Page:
A study of the economic impact of the Ebola crisis on Monrovians living on US$1 a day or less

Project Active from to State and Political Economy

This study is intended to contribute to the broader work of the IGC in Liberia by providing in-depth information on the challenges faced by the poorest sector of society in the context of the Ebola crisis. Those living on US$1 a day or less make up one of the largest sectors of the urban population, and their poverty represents a major constraint to broader growth in the country. This study will deepen existing understanding of daily realities for this most vulnerable sector and the coping mechanisms they adopt, as well as how they have been affected by the Ebola crisis. This will help to inform possible policy interventions in the aftermath of this crisis.

The research aims to explore the socio-economic impacts of the Ebola crisis on the poorest urban Liberians, defined as those living on US$1/day or less. The main objectives are three-fold:

  1. To investigate the ways in which Monrovians living on US$1 a day or less have been affected by the Ebola crisis.
  2. To undertake in-depth analysis of these impacts, focusing on livelihood strategies and coping mechanisms adopted during the height of the Ebola crisis and its aftermath.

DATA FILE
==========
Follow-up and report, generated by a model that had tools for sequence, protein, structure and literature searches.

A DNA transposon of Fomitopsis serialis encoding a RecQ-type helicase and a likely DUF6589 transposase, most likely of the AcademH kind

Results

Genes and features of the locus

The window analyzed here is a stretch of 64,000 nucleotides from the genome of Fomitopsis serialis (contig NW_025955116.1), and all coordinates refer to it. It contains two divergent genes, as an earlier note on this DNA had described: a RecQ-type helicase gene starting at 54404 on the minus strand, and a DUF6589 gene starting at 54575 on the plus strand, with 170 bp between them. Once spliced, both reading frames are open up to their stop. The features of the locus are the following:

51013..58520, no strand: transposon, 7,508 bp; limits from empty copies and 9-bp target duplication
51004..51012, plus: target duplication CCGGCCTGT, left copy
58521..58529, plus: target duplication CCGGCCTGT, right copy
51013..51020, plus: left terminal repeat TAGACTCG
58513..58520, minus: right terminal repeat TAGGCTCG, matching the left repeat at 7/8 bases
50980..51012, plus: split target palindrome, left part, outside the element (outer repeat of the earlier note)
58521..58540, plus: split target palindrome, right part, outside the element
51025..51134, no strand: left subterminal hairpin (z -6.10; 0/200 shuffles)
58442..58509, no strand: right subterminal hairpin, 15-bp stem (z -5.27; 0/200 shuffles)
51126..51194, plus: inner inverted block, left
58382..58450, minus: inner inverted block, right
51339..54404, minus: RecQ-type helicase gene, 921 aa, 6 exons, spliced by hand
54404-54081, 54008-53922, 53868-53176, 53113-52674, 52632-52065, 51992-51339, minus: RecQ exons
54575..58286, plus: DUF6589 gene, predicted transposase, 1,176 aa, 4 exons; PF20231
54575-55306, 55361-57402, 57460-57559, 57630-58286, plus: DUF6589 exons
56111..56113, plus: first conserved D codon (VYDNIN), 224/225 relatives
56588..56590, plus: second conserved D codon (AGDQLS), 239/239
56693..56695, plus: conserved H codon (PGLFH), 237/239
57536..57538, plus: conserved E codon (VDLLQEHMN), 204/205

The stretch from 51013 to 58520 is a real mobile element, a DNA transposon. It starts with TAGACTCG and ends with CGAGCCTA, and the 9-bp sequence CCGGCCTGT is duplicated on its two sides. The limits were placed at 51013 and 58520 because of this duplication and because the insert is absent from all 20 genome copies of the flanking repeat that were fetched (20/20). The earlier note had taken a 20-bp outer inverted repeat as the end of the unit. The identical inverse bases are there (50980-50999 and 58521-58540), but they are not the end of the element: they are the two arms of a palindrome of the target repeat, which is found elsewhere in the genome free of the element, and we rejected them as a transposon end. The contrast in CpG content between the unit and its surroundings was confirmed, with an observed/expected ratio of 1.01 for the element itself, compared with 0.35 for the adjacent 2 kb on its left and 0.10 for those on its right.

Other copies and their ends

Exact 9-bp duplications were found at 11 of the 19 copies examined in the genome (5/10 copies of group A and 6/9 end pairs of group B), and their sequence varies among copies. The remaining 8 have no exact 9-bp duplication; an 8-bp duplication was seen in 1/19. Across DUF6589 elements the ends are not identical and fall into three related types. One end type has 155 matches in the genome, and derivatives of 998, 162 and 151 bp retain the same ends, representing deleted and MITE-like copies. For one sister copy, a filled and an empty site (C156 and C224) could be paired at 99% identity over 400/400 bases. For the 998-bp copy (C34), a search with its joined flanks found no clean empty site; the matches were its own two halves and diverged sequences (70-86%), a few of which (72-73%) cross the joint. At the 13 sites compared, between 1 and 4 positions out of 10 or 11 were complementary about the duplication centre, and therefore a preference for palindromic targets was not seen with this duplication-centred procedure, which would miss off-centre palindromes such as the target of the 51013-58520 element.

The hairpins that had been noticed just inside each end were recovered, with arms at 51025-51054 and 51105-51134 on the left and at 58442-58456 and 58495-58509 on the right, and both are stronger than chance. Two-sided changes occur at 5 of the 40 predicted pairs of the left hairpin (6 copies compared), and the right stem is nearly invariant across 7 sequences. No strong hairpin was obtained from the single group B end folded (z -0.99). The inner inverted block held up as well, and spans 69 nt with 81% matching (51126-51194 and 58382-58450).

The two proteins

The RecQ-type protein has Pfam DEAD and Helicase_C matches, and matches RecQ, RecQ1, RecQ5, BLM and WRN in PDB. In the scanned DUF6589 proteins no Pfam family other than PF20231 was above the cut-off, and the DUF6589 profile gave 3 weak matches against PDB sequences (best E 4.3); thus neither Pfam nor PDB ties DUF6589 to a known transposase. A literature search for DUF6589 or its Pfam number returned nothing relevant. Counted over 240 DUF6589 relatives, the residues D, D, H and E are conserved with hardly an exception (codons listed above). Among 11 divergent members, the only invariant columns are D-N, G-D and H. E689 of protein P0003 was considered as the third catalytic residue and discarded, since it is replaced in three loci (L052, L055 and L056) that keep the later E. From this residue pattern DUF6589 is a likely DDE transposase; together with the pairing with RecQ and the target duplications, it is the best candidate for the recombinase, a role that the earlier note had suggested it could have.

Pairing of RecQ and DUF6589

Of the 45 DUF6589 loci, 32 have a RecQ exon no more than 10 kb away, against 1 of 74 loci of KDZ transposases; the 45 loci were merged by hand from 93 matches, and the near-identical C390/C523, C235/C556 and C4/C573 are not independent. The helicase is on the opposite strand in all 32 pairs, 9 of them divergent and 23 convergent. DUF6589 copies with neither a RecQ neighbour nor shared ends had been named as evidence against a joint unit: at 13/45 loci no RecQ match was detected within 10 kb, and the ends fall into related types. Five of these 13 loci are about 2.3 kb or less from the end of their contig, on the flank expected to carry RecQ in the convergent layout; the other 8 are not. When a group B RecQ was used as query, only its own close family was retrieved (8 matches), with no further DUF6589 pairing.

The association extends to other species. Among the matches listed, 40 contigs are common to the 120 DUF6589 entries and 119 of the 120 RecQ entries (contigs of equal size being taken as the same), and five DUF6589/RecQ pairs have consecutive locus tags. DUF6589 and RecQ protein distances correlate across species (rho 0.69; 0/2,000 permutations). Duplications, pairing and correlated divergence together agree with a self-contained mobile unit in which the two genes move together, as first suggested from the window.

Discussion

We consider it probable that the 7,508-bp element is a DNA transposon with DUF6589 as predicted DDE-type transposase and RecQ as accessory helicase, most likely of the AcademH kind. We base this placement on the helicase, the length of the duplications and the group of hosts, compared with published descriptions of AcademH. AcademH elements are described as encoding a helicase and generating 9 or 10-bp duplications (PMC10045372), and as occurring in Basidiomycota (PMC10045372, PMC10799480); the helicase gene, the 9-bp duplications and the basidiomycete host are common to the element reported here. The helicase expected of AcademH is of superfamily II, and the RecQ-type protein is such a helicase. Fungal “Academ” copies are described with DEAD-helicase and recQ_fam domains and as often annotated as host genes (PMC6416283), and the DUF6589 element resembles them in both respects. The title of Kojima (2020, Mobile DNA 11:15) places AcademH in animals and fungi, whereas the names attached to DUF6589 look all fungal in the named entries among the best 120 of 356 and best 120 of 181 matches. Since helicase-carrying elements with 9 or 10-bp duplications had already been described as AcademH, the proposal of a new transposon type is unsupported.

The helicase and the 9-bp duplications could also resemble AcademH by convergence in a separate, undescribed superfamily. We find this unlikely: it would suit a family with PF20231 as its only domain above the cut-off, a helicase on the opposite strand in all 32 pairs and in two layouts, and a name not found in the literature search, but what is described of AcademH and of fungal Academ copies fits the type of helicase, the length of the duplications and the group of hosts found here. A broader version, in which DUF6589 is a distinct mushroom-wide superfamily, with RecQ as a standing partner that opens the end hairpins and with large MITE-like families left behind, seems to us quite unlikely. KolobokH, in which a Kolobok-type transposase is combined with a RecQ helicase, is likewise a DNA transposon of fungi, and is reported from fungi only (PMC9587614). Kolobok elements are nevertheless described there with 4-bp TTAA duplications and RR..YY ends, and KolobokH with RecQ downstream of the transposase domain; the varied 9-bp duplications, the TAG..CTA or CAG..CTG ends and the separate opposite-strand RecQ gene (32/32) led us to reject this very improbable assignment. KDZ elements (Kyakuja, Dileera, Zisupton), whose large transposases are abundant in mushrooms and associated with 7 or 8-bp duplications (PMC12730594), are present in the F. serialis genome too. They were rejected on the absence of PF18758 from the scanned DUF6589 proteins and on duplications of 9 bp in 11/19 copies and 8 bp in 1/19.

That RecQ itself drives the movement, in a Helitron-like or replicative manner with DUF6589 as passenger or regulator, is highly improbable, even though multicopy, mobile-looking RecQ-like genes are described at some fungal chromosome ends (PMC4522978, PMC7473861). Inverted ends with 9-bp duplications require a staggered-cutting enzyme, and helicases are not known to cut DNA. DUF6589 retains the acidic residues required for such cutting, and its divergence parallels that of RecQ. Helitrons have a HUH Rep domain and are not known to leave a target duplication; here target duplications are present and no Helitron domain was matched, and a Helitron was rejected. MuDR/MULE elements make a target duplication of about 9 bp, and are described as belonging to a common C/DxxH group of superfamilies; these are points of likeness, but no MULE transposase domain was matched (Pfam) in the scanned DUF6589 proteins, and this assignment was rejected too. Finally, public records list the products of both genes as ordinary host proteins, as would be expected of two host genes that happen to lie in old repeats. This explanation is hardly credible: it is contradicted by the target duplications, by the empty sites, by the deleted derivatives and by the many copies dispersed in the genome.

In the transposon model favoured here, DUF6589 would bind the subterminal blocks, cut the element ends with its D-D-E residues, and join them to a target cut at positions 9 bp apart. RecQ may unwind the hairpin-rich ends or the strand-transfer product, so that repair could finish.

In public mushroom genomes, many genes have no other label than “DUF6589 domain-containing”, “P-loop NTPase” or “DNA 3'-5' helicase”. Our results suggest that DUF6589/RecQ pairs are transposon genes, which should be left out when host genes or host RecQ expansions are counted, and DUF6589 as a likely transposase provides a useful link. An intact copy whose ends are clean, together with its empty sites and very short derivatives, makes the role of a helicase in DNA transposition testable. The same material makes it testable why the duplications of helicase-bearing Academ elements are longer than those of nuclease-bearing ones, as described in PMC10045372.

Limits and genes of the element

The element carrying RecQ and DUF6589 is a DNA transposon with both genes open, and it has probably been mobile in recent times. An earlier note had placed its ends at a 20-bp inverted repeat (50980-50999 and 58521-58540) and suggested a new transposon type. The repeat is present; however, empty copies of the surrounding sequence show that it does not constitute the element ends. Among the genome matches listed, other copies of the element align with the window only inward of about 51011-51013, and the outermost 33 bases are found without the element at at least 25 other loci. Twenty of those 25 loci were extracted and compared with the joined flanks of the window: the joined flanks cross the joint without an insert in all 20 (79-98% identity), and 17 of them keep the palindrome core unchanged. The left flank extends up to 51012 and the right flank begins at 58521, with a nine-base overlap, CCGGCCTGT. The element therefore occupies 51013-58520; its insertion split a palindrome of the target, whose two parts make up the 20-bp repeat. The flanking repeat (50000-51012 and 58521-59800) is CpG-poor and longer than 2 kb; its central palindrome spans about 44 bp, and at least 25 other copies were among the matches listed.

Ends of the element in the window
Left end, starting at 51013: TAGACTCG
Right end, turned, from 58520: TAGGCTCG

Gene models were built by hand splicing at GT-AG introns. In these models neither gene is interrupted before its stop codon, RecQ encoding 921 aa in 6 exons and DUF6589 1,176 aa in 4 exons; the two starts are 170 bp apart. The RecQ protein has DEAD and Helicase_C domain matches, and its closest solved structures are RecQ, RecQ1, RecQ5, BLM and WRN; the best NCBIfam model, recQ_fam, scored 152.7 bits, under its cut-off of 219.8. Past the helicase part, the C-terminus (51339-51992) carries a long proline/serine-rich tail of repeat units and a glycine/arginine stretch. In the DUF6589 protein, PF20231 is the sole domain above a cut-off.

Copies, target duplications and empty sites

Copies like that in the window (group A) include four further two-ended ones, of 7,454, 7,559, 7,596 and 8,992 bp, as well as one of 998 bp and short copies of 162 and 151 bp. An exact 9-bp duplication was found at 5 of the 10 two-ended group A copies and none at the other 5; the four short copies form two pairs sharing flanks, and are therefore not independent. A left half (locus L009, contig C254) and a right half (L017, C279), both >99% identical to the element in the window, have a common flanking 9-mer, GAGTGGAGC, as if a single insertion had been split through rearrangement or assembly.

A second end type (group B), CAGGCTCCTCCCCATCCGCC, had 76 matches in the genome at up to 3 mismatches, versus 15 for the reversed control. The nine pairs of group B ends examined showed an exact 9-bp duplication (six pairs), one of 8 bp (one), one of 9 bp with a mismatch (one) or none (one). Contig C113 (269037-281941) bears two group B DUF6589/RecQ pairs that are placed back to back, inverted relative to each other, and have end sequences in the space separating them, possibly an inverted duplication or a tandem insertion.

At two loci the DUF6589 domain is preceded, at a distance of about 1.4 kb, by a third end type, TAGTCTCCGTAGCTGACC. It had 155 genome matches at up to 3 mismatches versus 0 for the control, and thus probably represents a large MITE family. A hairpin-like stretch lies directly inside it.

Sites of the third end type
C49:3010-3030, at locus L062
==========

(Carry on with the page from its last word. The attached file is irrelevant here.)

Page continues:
3. To disseminate the findings to relevant stakeholders in order to inform policy strategy and action as the crisis continues and in its aftermath, by identifying those areas in which support is most needed.

The study will use both quantitative and qualitative methods to understand livelihood strategies and consumption patterns of the target groups and how these have been affected by the Ebola crisis. This data collection will be carried out in two communities, Banjor and Jallah Town, the former which has been badly affected by Ebola, and the latter less so. Both of these communities include large numbers of deprived households, one in the more urban setting of central Monrovia and the other in a more sub-urban area.

The study will draw on existing relevant research including that collected by LISGIS (Liberia Institute of Statistics & Geo-Information Services Statistics) and other UN, ILO and World Bank sources.